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The thyroid transcription factor 1 gene (TTF-1 or NKX2–1) is essential to lung development; however, it is also a critical factor in lung cancer. TTF-1 is amplified in lung cancers, suggesting that it is a gain-of-function lung oncogene. Conversely, TTF-1 counters epithelial to mesenchymal transition in cell-based studies and inhibits progression of primary lung adenocarcinomas to metastases in an animal model of lung adenocarcinomas. The unifying theory regarding TTF-1 is that it exhibits both pro-oncogenic and anti-metastatic function depending on the cellular context. Occludin is the first discovered constituent of the epithelial tight junction; in recent years, a functional role of occludin as a tumor suppressor has begun to emerge. Here, we demonstrate that TTF-1 transactivated the expression of the epithelial tight junction molecules occludin (OCLN) and claudin-1 (CLDN1). We show that transcriptional activation occurred through a direct interaction of TTF-1 with the OCLN and CLDN1 promoters. Furthermore, in cells that lack TTF-1, exogenous TTF-1 expression dampened the inhibitory effect of TGF-β on occludin and claudin-1 content. Using cells derived from a genetically engineered mouse model of lung adenocarcinomas, we observed that silenced TTF-1 expression down-regulated occludin, which we supported with additional siRNA experiments. Finally, TTF-1 knockdown conferred human lung cancer cells resistance to anoikis, and expression of occludin restored cellular sensitivity to anoikis. Overexpression of occludin impeded migration and induced anoikis in lung carcinoma cells. Collectively, these data suggest that TTF-1 transcriptionally regulates occludin, which represents another avenue of TTF-1-mediated metastasis suppression.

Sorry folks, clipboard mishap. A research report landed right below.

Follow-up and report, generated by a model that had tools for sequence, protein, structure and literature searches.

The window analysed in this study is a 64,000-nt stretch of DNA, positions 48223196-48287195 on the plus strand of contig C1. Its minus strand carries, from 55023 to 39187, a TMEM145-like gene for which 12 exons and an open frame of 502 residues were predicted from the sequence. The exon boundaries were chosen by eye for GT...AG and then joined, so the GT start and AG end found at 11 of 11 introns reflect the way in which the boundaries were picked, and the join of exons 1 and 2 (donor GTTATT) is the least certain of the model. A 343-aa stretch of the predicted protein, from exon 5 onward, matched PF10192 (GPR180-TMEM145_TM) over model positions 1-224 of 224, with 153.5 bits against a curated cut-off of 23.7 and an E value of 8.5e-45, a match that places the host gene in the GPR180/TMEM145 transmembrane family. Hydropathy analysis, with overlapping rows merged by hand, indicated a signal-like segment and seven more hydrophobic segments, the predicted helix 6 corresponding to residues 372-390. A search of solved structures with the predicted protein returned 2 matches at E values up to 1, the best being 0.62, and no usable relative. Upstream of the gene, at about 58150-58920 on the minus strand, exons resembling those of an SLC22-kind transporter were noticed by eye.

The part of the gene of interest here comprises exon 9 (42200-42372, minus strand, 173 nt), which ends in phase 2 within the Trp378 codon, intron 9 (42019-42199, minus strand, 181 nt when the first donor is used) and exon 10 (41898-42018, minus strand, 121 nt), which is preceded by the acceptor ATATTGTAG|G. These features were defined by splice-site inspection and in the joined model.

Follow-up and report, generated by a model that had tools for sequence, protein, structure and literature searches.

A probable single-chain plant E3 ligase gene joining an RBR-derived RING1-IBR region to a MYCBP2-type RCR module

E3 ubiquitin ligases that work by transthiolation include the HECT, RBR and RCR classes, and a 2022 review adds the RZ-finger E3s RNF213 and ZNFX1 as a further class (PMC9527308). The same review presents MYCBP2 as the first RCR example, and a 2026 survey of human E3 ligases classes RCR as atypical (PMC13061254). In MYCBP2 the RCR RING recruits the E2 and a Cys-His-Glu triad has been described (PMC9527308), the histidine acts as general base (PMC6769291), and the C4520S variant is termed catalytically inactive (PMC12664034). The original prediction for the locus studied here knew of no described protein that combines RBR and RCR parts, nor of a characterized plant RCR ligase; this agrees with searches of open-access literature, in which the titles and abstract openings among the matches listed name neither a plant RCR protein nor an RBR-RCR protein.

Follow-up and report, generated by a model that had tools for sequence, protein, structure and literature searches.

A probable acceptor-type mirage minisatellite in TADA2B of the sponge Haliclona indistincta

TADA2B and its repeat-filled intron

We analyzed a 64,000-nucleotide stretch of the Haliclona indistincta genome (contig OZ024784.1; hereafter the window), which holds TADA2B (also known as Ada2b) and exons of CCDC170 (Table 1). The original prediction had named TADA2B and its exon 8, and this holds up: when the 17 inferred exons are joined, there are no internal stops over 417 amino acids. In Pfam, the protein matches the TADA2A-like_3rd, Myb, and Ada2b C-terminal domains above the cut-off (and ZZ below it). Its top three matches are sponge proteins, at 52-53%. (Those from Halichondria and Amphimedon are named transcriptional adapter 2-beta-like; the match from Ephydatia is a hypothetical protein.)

The thyroid transcription factor 1 gene (TTF-1 or NKX2–1) is essential to fetal lung development (1); however, it is also a critical player in lung tumorigenesis. TTF-1 is a member of the homeodomain-containing transcription factor family. Homeodomains are protein motifs that bind to specific bases and are critical in development and differentiation (2). TTF-1 is located on human chromosome 14q13.3, which can undergo recurrent gene amplification in lung cancers (3–6). The presence of TTF-1 in a lung cancer-associated amplicon suggests an oncogenic function for TTF-1. Indeed, several lines of experimental evidence support this concept. Kendall et al. (3) detected a multigenic amplicon at 14q13.3 in which three genes (TTF-1, NKX2–8, and PAX9) were co-amplified. Enforced co-expression of any two of the three co-amplified transcription factor genes increased lung epithelial proliferation (3). More recently, analysis of mouse models of lung adenocarcinomas revealed an enrichment of a TTF-1-regulated protein set in the plasmas of these animals (7). Furthermore, ectopic expression of TTF-1 due to genetic rearrangement was detected in a subset of T cell acute lymphoblastic leukemia (8). Finally, TTF-1 activates the expression of the receptor tyrosine kinase-like orphan receptor 1 (ROR1), which is critical to balancing the actions of the PI3K-AKT pathway and p38 in lung adenocarcinomas (9). Taken together, the data reported in these studies are consistent with an oncogenic role of TTF-1.